United States District Court, D. Nevada
ORDER MOTION TO SUPPRESS [ECF NO. 131]
FERENBACH UNITED STATES MAGISTRATE JUDGE.
the Court is Defendant Brian Wright's Motion to Suppress
Evidence Obtained from February 9, 2017 Court Order. (ECF No.
131). For the reasons discussed below, Defendant's motion
faces charges arising from two robberies in January 2017 by
several suspects. (ECF No. 109). Investigators determined
that DeAndre Brown, a co-defendant in this case, was likely
involved in the robberies and obtained the Call Detail
Records (CDRs) for his phone. (ECF No. 132-1 at 3). The CDRs
showed that Brown's phone had contact with
Defendant's phone. (Id.).
Government applied for a court order to obtain information
from Defendant's phone service provider including records
for incoming and outgoing calls and the phone's location
from January 2017. (Id. at 2). In support of their
application, the Government stated, “Analysis of the
CDR records revealed substantial contact between Brown's
number and [Defendant's phone number] before, during and
after the January 13th robbery at the M.J.
Christensen Diamond Center.” (Id. at 3). In
addition, “Wright's probation officers have had
frequent contact with Wright via [his phone number] prior and
subsequent to the aforementioned January 13th
armed robbery.” (Id.). The Nevada State Court
granted the application. (ECF No. 132-2).
now moves for evidence obtained via the order to be
suppressed. (ECF No. 131). In his motion, Defendant argues
obtaining information from his phone required a search
warrant supported by probable cause. (Id. at 5). In
response, the government argues it followed the proper
standard under 18 U.S.C. § 2703 to obtain a court order
for production of a cell phone carrier's business records
containing historical cell site location information. (ECF
No. 138 at 3). 18 U.S.C. § 2703 requires a showing of
specific and articulable facts rather than probable cause.
(Id. at 3-6). In reply, Defendant asserts that the
Government's application for a court order failed to
provide specific and articulable facts as required under 18
U.S.C. § 2703. (ECF No. 146 at 2-5).
Fourth Amendment protects the right of people to be secure
against unreasonable searches and seizures. Though the Fourth
Amendment does not specifically preclude admission of
evidence obtained in violation of its provisions, the courts
have established “an exclusionary rule that, when
applicable, forbids the use of improperly obtained evidence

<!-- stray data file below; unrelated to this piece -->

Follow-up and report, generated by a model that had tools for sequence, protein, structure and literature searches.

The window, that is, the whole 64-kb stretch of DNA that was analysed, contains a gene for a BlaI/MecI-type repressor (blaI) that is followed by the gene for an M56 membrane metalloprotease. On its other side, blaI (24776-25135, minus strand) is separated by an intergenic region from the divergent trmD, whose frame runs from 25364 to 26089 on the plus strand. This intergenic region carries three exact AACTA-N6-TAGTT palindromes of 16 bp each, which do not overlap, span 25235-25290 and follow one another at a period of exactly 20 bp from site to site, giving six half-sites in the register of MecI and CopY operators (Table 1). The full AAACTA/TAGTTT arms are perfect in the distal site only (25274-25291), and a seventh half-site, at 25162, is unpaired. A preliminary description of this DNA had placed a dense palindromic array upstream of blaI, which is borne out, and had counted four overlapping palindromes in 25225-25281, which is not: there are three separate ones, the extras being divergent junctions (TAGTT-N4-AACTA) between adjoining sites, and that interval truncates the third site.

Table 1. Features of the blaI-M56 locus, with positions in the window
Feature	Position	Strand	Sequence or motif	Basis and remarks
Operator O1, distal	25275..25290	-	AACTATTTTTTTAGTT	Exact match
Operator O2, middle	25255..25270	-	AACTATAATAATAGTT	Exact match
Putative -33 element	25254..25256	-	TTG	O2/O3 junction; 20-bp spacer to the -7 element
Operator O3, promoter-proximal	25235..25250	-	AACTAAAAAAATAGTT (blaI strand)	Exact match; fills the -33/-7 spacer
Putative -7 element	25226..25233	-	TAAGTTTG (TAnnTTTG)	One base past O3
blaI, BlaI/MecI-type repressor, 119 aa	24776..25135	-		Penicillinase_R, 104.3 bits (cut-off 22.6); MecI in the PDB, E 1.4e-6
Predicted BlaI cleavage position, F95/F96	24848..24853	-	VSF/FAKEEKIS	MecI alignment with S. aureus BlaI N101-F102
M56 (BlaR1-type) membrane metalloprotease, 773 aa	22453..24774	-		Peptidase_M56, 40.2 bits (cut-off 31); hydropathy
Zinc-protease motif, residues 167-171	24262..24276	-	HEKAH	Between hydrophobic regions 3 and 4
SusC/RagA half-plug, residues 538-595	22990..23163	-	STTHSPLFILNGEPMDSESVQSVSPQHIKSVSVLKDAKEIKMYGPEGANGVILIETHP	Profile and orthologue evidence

at trial.” Herring v. United States, 555 U.S.
135, 139-40 (2009). Obtaining a warrant generally requires a
showing of probable cause. Illinois v. Gates, 462
U.S. 213, 236 (1983). However, under 18 U.S.C. § 2703(d)
a court order for information regarding an electronic
communication will issue “if the governmental entity
offers specific and articulable facts showing that there are
reasonable grounds to believe that…the records or
other information sought, are relevant and material to an
ongoing criminal investigation.” The Ninth Circuit has
not ruled on whether historical cell site location
information can be obtained under 18 U.S.C. § 2703(d) or
whether a search warrant is required. However, many
districts, including the District of Nevada, have ruled that
an order under 18 U.S.C. § 2703(d) can be used to obtain
historical cell site location information. See United
States v. Anderson, No. 2:15-cr-00200-KJD-PAL, 2016 WL
4191045, at *8 (D. Nev. Apr. 27, 2016), report and
recommendation adopted, No. 2:15-cr-00200-KJD-PAL, 2016
WL 4180965 (D. Nev. Aug. 5, 2016); United States v.
Gray, No. CR-15-08076-PCT-DGC, 2017 WL 3675383, at *6
(D. Ariz. Aug. 25, 2017). The Court notes that the order in
this case was obtained in Nevada State Court. (ECF No.
132-2). Nevada has ruled that the “‘specific and
articulable facts' standard under § 2703(d) is
sufficient to obtain historical cell phone information
because a defendant has no reasonable expectation of privacy
in business records made, kept, and owned by his or her cell
phone provider.” Taylor v. State, 371 P.3d
1036, 1043 (2016).
an order under 18 U.S.C. § 2703(d) is sufficient to
obtain information regarding Defendant's phone calls, the
Court must determine whether the Government demonstrated
specific and articulable facts in its application. The burden
can be likened to a Terry stop, “requiring
that the government show ‘reasonable
grounds'” that the records are related to the crime
being investigated. In re Applications of the United
States of Am. for an Order Pursuant to 18 U.S.C. §
2703(d), 206 F.Supp.3d 454, 455-56 (D.D.C. 2016);
see also Pittman v. Smith, 210 F.3d 384 (9th Cir.
Court finds the Government demonstrated sufficient specific
and articulable facts to obtain an order under 18 U.S.C.
§ 2703, though it is a close call. The Government stated
that a phone associated with another suspect in the robberies
had “substantial contact” with Defendant's
phone “before, during and after the January
13th robbery.” (ECF No. 132-1 at 3, emphasis
added). It is reasonable to conclude that a phone call made
during a robbery is related to that robbery. In
addition, the Government alleged that Defendant had
consistent control of his phone during the relevant
timeframe, as his probation officers had frequent contact
with Defendant through his phone. (Id.). Based on
these statements, there were sufficient grounds for the Court
to grant the Government's application for an order under
18 U.S.C. § 2703.
and for good cause shown, IT IS HEREBY ORDERED that
Defendant's Motion to Suppress Evidence Obtained from
February 9, 2017 Court Order (ECF No. 131) is DENIED.
 Though the Court need not address
arguments raised for the first time in a reply brief,
United States v. Gianelli, 543 F.3d 1178, 1184 n.6
(9th Cir. 2008), ...